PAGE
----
Pre-conference, just hanging out, shooting the breeze: Pat Schue, Joe May, Rod Perry, Eric Rogers, and Bonnie Foster's back
Jane Haigh, author of Gold Rush Dogs, shows off a copy of Baldy of Nome not only signed by Esther Birdsall Darling but Baldy himself. No, don't think it was really Baldy's paw print, but Darling did provide the paw-tograph. Very, very cool.
Alas, the interior bookplate was faded, as were the autographs, but at least a closer look at what I got to hold!
Joe May talking to Talkeetna teacher-musher Rich Hum.
I couldn't resist stalking the presentation computer when I saw it cycling some photos, including this one.
Getting set up.
Back row attendees, who eventually moved forward when some folks re-configured the room a bit.
Jeez, guys, smile! Joe May was modest and thought he shouldn't be in the photo since he wasn't a presenter, but I put on my "boss the mushers around hat" and made him pose with Joee Redington and Jeff Dinsdale.
Post his presentation, Jeff posed with the movie about "Nikki," a Disney sled dog. He gave us lots of history about the dogs involved, including the fact that tho' there were many dogs used as Nikki, the chief Nikki was from the kennel of Joe Redington Sr, with Joee tossing in some added info about the dog, which had been Timmy's, he says.
I'm not sure if we'd worked our way up to lunch yet or not, but given that bodies are missing, we must have. As one who doesn't do mornings well, not to mention is outta practice doing them, I wandered away from home this morning without a sandwich, so my thanks to Pat for sharing part of her lunch with me. I really do need a keeper sometimes. Ha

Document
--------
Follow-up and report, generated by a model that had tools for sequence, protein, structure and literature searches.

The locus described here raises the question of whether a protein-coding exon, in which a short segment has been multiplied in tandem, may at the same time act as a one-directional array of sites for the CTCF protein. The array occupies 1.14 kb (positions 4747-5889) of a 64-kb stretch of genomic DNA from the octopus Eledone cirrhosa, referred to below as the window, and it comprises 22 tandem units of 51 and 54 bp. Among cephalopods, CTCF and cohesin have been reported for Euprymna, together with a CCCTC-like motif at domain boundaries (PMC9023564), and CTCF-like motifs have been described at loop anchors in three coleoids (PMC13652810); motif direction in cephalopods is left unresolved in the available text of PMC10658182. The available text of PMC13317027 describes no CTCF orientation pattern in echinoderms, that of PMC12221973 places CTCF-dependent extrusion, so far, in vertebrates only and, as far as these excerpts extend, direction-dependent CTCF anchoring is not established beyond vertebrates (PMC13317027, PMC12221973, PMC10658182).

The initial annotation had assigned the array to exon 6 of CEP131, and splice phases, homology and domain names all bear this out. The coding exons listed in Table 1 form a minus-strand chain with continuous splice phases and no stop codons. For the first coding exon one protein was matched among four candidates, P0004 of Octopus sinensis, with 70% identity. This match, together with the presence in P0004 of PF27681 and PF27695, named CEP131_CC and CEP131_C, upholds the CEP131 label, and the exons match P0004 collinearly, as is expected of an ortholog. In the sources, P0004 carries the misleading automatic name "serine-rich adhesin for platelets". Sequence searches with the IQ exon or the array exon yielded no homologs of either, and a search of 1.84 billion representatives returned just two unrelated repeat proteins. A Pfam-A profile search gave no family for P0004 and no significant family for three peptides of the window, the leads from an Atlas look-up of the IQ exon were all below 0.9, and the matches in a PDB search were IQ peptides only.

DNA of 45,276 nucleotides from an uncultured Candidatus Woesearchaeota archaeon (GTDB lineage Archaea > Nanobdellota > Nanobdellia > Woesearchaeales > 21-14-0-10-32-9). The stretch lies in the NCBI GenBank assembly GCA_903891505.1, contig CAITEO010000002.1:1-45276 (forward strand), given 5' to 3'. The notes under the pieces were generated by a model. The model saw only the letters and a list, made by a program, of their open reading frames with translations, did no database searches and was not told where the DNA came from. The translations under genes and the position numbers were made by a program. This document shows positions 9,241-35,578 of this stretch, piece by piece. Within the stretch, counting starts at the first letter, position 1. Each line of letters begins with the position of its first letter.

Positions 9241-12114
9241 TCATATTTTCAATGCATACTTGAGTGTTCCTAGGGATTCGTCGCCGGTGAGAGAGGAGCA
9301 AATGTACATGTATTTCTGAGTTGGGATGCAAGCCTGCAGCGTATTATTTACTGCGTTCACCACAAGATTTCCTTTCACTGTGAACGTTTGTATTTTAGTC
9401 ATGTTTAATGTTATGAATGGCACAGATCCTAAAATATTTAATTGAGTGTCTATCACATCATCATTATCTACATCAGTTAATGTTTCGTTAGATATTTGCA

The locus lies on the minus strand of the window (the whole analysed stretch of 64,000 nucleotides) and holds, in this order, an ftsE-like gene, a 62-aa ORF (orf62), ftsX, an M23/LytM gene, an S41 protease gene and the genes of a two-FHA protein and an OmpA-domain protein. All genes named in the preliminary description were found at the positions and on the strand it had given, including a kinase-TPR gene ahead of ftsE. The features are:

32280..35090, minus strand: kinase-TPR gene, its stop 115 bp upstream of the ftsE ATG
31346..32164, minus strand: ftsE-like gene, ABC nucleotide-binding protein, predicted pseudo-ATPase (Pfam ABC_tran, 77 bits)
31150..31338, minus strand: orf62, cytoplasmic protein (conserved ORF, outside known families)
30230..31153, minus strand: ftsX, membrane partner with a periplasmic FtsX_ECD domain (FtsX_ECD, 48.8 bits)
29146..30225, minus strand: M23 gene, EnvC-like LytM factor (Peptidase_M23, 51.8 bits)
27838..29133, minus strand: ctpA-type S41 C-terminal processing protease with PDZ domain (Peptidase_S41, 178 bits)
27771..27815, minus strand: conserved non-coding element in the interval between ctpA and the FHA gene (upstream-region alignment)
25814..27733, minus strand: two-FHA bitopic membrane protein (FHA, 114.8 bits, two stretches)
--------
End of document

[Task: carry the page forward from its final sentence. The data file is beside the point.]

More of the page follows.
Rod Perry, who ran the very first Iditarod ever. I managed to snag an autographed copy of his first book while he was there, but today's presentation was a bit of a dramatic reading focused on his second book, which will be the one to focus on the race itself. Think Robert Service, very dramatic and well done.
Chas dropped in to give us a sneak peek at the upcoming video by the Iditarod on the history of the race and, let's face it, mushing itself, too. He had a slide loop going behind him but right here he's reading a letter they've found that was written by Joe Sr. in the midst of trying to make that first race happen. A great conversation between many followed.
I don't think Chas will mind me sharing a photo of the actual letter to Howard Farley of Nome that he was reading from above.
Joee Redington, in the blue jacket, showed a powerpoint presentation he'd made with his dad for a symposium in Fairbanks. Joe Sr's voice was the narration and it was a look at "50 Years of Dog Mushing," including photos of the climbing of Denali with dog teams that Joe Sr. made with Susan Butcher.